The drumming of his fingers against his chair quickened along with his heart rate as Ruby ran past him, her stride shorter than he remembered from watching the Olympics five years ago. She seemed to be trying to disappear into the crowd, instead of bursting out of it. Noting the angle of her knee as she kicked behind her with each step, Micah wondered if he was right about her identity. The stride didn't look quite right. But the comparative power of Currito as the star of the ultra series balanced against disgraced Olympian Ruby Heart running again was worth the risk. Rumor had it an anchor position at NSN was about to open up, and Micah wanted it.

"Amir, I need to do some research at the hotel, so it'll just be you and King." Micah cocked his head toward the other reporter from NSN who had made the trip out of curiosity to watch, quote, "pain freaks run."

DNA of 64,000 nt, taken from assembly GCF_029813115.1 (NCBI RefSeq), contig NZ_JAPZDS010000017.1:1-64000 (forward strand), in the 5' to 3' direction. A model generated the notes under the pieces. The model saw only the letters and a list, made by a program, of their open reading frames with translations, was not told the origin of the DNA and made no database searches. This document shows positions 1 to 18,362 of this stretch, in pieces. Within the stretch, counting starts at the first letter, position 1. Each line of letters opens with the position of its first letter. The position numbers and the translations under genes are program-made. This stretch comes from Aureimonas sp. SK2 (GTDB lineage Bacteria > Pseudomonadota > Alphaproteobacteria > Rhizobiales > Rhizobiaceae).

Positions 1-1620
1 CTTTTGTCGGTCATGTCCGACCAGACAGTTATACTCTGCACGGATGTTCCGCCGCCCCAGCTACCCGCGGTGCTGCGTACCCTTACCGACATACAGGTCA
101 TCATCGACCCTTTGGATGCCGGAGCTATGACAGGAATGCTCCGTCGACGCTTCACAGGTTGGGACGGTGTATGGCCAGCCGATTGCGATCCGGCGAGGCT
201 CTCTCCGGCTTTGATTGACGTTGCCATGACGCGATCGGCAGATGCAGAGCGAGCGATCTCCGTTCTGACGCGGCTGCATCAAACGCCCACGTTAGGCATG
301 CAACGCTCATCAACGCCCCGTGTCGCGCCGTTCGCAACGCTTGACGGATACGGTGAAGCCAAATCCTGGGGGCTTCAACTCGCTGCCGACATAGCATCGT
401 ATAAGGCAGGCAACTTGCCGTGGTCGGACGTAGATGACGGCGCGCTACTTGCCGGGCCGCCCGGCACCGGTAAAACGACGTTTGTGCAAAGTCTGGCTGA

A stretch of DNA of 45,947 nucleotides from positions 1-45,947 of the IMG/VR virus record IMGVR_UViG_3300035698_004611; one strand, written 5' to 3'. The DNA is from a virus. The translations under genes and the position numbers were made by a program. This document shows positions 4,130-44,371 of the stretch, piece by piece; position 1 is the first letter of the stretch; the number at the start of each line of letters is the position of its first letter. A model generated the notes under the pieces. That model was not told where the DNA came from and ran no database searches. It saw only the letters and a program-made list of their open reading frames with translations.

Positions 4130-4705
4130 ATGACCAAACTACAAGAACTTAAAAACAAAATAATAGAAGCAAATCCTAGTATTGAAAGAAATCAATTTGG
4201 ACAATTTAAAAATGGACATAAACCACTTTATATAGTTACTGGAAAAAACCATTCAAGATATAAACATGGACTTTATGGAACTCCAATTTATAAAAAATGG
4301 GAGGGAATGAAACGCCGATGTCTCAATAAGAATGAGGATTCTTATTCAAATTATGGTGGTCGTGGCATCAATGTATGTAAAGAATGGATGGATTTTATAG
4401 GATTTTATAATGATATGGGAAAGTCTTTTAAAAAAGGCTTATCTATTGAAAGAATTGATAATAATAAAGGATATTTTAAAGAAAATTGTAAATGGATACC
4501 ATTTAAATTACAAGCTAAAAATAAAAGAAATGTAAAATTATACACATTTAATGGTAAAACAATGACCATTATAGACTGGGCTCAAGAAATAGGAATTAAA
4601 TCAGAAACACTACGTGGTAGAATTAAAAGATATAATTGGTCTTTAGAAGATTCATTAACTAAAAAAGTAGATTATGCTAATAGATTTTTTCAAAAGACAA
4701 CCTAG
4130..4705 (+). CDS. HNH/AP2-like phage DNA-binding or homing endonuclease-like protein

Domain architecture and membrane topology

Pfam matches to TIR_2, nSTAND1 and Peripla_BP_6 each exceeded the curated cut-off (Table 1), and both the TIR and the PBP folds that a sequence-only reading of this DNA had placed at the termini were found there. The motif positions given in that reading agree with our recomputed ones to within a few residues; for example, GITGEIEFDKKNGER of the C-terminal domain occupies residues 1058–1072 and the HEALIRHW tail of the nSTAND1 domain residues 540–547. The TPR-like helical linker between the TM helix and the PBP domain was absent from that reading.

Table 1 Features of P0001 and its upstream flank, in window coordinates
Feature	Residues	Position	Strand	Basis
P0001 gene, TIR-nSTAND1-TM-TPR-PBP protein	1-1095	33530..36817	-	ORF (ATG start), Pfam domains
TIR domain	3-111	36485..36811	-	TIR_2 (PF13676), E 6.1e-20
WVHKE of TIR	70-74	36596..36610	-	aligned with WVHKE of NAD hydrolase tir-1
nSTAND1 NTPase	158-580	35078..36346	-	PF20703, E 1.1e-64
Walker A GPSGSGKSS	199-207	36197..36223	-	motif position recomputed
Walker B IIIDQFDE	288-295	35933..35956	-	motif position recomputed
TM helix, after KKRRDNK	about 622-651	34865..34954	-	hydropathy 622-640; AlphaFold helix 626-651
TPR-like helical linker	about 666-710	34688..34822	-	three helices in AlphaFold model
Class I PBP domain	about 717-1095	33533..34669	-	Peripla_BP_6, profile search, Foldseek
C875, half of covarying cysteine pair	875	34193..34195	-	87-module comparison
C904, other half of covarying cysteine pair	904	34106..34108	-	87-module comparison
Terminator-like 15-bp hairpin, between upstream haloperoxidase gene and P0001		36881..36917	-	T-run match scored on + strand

"What?" The one eye of Amir's that Micah could see was wide with horror.

"He'd probably leap at the chance to have input into the story."

His cameraman choked. "Sure. And when I use the camera to beat him to death for his input, I'll make sure NSN sends the bill for a new camera to you. And I'll expect you to post bail."

"Okay," Micah said with a shrug and a smile. King was not a popular figure with the support staff at the network, but Amir would get the footage Micah asked for, King's interference aside.

"Why can't… " Amir stopped. Micah finished the question in his head. Why can't you send King back to the hotel in your car to do the research so I'm not stuck in the production van with him? One of the great conveniences of a hand-driven car was that no one could borrow it. "King's gonna want to know why we're waiting to film that woman after Currito runs by."